Taking an Unpopular Stance on Line Clearance and Our Trees

August 5, 2020 · 2 minute read
Taking an Unpopular Stance on Line Clearance and Our Trees

As a nature lover/tree hugger I loath the insult to our industry of bad tree work from self-described “professionals.” We spend so much time educating our communities on the right practices when trying to find balance in loving and caring for our trees while protecting the occupants under them. Because of this, my disdain has often been directed at line clearance workers. Like many, I can’t stand the one-sided, off-balance pruning leftover from the local power line trimmers. A tree couldn’t appear more confounded and abashed than after a line trimmer has descended from its canopy. I’ve met tree-loving clients distressed to the point of tears or in some cases cursing at the guys that climbed their trees. Trust me, I get it. I see their trucks set up in the neighborhoods, and I cringe because I know there’s an array of unsuspecting trees completely unaware of what’s coming. Sometimes I catch my nose in the air when passing them. 

But today as a thunderstorm started rolling through, I was doing what I always do and wondering how much damage will come from it, which then made me think of power lines. Often trees are the reason power is out. As arborists (and any tree guy), we get super busy with the storms. And line trimmers and workers get even busier. They might not physically hook the power back up since that’s the lineman’s job, but more often than not for the lineman to get where he needs to go, his tree guys have to clear the way and sometimes in some very rough weather.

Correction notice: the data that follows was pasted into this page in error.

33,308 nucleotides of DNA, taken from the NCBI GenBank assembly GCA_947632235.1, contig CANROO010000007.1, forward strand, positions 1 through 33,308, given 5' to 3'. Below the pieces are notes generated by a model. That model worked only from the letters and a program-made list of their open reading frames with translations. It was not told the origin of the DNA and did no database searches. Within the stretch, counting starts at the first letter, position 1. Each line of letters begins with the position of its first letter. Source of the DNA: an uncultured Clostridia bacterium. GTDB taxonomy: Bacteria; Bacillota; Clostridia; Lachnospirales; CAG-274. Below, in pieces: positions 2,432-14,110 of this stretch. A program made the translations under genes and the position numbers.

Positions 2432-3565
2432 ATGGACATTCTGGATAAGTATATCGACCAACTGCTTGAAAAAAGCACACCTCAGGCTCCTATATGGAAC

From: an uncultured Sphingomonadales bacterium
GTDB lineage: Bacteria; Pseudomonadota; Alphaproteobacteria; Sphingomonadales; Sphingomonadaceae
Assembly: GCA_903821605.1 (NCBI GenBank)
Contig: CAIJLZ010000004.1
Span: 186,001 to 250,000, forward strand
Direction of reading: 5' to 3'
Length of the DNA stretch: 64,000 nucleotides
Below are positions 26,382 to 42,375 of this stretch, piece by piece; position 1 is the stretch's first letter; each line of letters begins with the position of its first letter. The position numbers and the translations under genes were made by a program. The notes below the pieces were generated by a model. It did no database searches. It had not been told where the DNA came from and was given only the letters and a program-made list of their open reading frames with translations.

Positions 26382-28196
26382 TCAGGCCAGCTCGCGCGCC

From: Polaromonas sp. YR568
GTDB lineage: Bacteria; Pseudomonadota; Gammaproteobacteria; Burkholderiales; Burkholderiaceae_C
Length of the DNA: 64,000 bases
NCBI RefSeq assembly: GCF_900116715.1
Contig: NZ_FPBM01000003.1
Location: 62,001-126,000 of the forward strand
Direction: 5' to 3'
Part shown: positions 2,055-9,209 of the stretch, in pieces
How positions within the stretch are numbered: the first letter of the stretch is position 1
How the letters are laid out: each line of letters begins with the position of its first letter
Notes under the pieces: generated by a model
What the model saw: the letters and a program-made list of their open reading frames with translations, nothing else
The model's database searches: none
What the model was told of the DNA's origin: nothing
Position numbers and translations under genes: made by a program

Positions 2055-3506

Without their regular maintenance we would be without power far more often. Also, trees don’t necessarily have to touch an energized power line to be dangerous. In the right conditions, such as a voltage surge on the line from a nearby lightning strike, electricity can arc from the power line to nearby trees. This electric current can then travel into a home and wreak havoc in the electrical infrastructure causing thousands of dollars in repairs and potentially causing fir. And anyone caught near the tree could be seriously injured or killed.

Many (line trimmers) have started to gain a better understanding of arboriculture and when they can, at least aim for correct pruning. Unfortunately to keep us safe, a lot of the time it just isn’t possible while meeting their objective, and we still feel like we’re left with someone’s cruel attempt at recreating a one-sided cactus.

Anyway, just give it a few more moments of thought before gritting your teeth and preparing for attack when these guys make their way through the easements behind your home. Their job is extremely dangerous and we’re safer because of it.